An irreligious man is not one who denies the gods of the majority, but one who applies to the gods the opinions of the majority. For what most men say about the gods are not ideas derived from sensation, but false opinions, according to which the greatest evils come to the wicked, and the greatest blessings come to the good from the gods.

—Epicurus, c. 250 BC

If God did not exist, it would be necessary to invent him.

—Voltaire, 1764

I can’t see (or feel) the conflict between love and religion. To me they’re the same thing.

—Elizabeth Bowen, c. 1970

Reason and experience both forbid us to expect that national morality can prevail in exclusion of religious principle.

—George Washington, 1796

The Church says that the earth is flat, but I know that it is round, for I have seen the shadow on the moon, and I have more faith in the shadow than in the Church.

—Ferdinand Magellan, c. 1510

The various modes of religion which prevailed in the Roman world were all considered by the people as equally true, by the philosophers equally false, and by the magistrate as equally useful.

—Edward Gibbon, 1776

The freedom or immunity from coercion in matters religious, which is the endowment of persons as individuals, is also to be recognized as their right when they act in community. Religious communities are a requirement of the social nature both of man and of religion itself.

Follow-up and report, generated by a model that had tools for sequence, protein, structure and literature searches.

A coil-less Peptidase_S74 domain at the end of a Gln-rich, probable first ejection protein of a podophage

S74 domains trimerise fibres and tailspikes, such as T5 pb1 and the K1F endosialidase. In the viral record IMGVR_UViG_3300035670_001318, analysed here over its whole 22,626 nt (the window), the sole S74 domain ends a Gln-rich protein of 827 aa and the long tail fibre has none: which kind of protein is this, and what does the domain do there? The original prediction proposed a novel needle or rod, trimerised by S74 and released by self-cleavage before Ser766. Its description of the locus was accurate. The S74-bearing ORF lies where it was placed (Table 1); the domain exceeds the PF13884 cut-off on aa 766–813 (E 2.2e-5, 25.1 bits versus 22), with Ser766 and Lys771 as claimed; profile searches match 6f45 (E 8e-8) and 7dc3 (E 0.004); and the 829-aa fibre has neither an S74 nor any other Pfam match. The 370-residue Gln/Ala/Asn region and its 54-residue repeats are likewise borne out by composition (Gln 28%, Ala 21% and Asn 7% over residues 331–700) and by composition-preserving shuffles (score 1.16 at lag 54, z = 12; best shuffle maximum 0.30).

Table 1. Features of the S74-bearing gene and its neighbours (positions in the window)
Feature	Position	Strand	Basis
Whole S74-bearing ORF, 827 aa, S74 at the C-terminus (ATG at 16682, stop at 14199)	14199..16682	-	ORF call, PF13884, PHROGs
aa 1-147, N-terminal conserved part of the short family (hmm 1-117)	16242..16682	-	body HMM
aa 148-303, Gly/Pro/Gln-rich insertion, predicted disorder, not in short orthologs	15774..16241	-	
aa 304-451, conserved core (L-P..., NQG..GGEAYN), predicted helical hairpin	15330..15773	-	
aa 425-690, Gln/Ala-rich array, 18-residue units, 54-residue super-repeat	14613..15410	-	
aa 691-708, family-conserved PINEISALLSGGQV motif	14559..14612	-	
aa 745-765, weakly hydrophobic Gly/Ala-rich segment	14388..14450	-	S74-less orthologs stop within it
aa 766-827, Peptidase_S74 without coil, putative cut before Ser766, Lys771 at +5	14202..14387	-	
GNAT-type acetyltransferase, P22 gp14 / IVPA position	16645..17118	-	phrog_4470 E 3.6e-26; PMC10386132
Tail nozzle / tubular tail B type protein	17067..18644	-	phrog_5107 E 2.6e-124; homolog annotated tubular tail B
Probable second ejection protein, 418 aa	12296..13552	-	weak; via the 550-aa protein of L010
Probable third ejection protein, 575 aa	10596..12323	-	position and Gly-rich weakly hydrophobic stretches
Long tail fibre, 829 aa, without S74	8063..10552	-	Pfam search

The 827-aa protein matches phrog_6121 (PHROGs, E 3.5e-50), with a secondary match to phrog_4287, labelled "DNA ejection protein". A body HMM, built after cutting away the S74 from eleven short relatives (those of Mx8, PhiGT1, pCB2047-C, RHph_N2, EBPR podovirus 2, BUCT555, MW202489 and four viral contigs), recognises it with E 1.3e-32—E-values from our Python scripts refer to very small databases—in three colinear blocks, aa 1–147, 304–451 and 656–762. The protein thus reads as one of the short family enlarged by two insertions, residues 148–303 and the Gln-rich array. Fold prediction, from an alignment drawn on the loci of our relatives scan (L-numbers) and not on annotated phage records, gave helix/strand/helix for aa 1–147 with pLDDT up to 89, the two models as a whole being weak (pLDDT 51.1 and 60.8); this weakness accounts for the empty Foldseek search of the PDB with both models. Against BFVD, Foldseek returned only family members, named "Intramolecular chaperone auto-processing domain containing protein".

—Pope Paul VI, 1965

Religion! How it dominates man’s mind, how it humiliates and degrades his soul. God is everything, man is nothing, says religion. But out of that nothing God has created a kingdom so despotic, so tyrannical, so cruel, so terribly exacting that naught but gloom and tears and blood have ruled the world since gods began.

—Emma Goldman, 1910

God is a concept by which we measure our pain.

—John Lennon, 1970

Kill a man, and you are an assassin. Kill millions of men, and you are a conqueror. Kill everyone, and you are a god.

—Jean Rostand, 1939

Educate people without religion and you make them but clever devils.

—Arthur Wellesley, c. 1830

One religion is as true as another.

—Robert Burton, 1621

Talk to me about the truth of religion and I’ll listen gladly. Talk to me about the duty of religion and I’ll listen submissively. But don’t come talking to me about the consolations of religion or I shall suspect that you don’t understand.

—C.S. Lewis, 1961